The planting season for pine trees is in full swing with about 8 million to 9 million seedlings destined for Northland hill country.
PF Olsen silviculture crews are responsible for planting just over half of these on 4500ha in Northland this winter, according to Northland regional manager Logan Negus.
Looking after PF Olsen's business in Northland entails managing 12 staff, with bases in Waipapa and Maungatapere west of Whangārei.
About 150 people are employed on contract, from engineering and helicopter contractors, logging and metal truck operators to harvesting and silviculture crews.
May to August is the usual planting window, although drought can affect the start date as planters want to give the seedlings the best chance of survival.
Demand for wood in New Zealand remains strong, on top of a worldwide shortage of wooden products.
This demand is good news for the future of the forestry industry.
PF Olsen is one of the largest forest management companies in Australasia, and this year is celebrating 50 years in business.
Started by Peter Francis Olsen in Rotorua, the company employs about 150 staff in New Zealand and about 50 in Australia, where it has been operating for about 10 years.
Negus said it was fortunate that Northland is self-sufficient for contract workers, with some crews also working outside the region on extra contracts.
"Because of Covid lockdown, this year and last year we couldn't bring in overseas seasonal workers to supplement the local workers, but we have enough staff employed locally. Other regions aren't so lucky."
Negus said once the pine seedlings were in the ground, work continued to help them become established during the early years. Work included spot spraying or aerial releasing and pest control.
"The silviculture crews are really skilled at what they do. Planters are generally paid on how many trees they can plant and a good planter can make good money.
"They have to be fit and have a good attitude. A good planter can make $300 a day. A top-of-the-line planter can make $500 a day, but not many can manage that.
"The top planters will be out the van door and planting before the others have got their boots laced. They are real athletes,'' he said.
Negus said there was potentially a lot of travel involved for the gangs, and some sites were remote.
"Sometimes the job might be only 10 minutes down the road, but others might be 1.5 hours away. Once it starts getting too much, the crews look at the option of staying locally, sometimes in a local marae for a week.''
Planting jobs this year ranged from Kaitaia to Helensville for a range of clients, from large estates to farmers with "a block out the back".
"The minimum for PF Olsen to be involved would be 20ha for planting and 5-8ha for harvesting. But if we are working next door we can accommodate smaller jobs,'' he said.
Most pines in Northland are grown on a framing regime for structural timber. Initially planted to about 1000 stems a hectare, the forest is thinned to 600 stems a hectare at about seven to nine years of age. They will generally be harvested at 23 to 26 years old, depending on how good the growth is.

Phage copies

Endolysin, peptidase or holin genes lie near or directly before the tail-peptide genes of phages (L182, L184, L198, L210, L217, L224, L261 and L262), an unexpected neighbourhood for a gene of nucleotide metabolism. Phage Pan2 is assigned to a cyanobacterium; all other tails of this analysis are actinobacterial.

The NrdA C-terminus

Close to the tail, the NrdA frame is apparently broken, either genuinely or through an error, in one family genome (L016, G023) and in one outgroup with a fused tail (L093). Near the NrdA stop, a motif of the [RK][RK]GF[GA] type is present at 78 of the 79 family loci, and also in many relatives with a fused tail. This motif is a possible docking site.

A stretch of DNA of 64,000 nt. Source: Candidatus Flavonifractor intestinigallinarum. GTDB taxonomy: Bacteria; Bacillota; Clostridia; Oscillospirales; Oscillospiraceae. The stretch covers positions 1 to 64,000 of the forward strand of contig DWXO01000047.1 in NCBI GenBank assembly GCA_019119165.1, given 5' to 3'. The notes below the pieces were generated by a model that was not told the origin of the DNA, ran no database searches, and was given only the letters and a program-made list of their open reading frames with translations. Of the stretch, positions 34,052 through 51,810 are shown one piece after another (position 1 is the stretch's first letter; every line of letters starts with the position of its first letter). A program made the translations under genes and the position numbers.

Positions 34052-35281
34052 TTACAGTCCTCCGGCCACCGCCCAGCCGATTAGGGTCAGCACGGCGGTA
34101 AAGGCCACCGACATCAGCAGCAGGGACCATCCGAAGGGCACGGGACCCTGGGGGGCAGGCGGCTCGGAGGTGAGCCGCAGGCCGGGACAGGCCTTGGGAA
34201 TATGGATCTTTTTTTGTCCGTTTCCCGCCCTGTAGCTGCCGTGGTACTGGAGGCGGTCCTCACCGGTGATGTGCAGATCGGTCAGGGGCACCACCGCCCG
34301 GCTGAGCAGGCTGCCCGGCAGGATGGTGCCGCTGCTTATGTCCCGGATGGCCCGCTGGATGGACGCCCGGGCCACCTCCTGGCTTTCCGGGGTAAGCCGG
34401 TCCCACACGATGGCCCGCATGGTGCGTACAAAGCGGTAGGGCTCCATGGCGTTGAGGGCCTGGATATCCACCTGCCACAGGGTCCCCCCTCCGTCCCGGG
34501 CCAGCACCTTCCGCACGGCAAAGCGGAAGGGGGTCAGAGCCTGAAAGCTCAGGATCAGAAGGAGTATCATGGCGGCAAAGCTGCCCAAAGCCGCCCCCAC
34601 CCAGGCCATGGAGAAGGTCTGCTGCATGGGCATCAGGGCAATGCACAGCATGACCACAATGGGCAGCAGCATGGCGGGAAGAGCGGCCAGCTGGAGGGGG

Some forests or stands are pruned to produce clear timber for products like decking timber, and grown longer to be harvested between 25 and 29 years old.
A boutique post-and-pole regime is planted at a higher stocking rate without being thinned and will be harvested about 16 to 18 years old.
"We aim for 95-97 per cent survival rate with our seedlings, but droughts over the past two years have made that difficult.''
Negus said this winter's planting plan of about 8 million seedlings on 4500ha is mainly pine, but includes some eucalypts and native trees.
"A lot of clients are wanting wider riparian margins, up to 30m, so we have been planting manuka as a nursery crop with cabbage trees, kahikatea, flax, titoki and totara."
Eucalypts were being trialled as a durable option for timber that does not have to be tanalised.
"However, if a forest is being planted purely for economic reasons, pines come out on top by a long shot,'' he said.
Negus said there is a huge range of jobs in the forestry industry.
"It's not just about planting trees. Workers are involved in helicopter work, data collation, pest control and roadside spraying.
"Some of the big estates we work on have anything from 10km to 100km of roads that need to be built and maintained, the same as on public roads.''
Northland's climate produces logs with higher density than other regions, offering superior timber for structural use.
Northland's exotic timber harvest has been sitting near 4.5 million tonnes a year for the past five years.
That is set to drop to about 3 million tonnes a year over the next four to five years because fewer pines were planted in Northland in the late 1990s and early 2000s. After that the numbers will pick up again.
"All of our clients plan to have a rotational forest with carbon credits as an add-on,'' he said.
"Log and lumber returns are now very good, even without carbon credits. The net return for pure forest will be better than most sheep and beef farming returns.''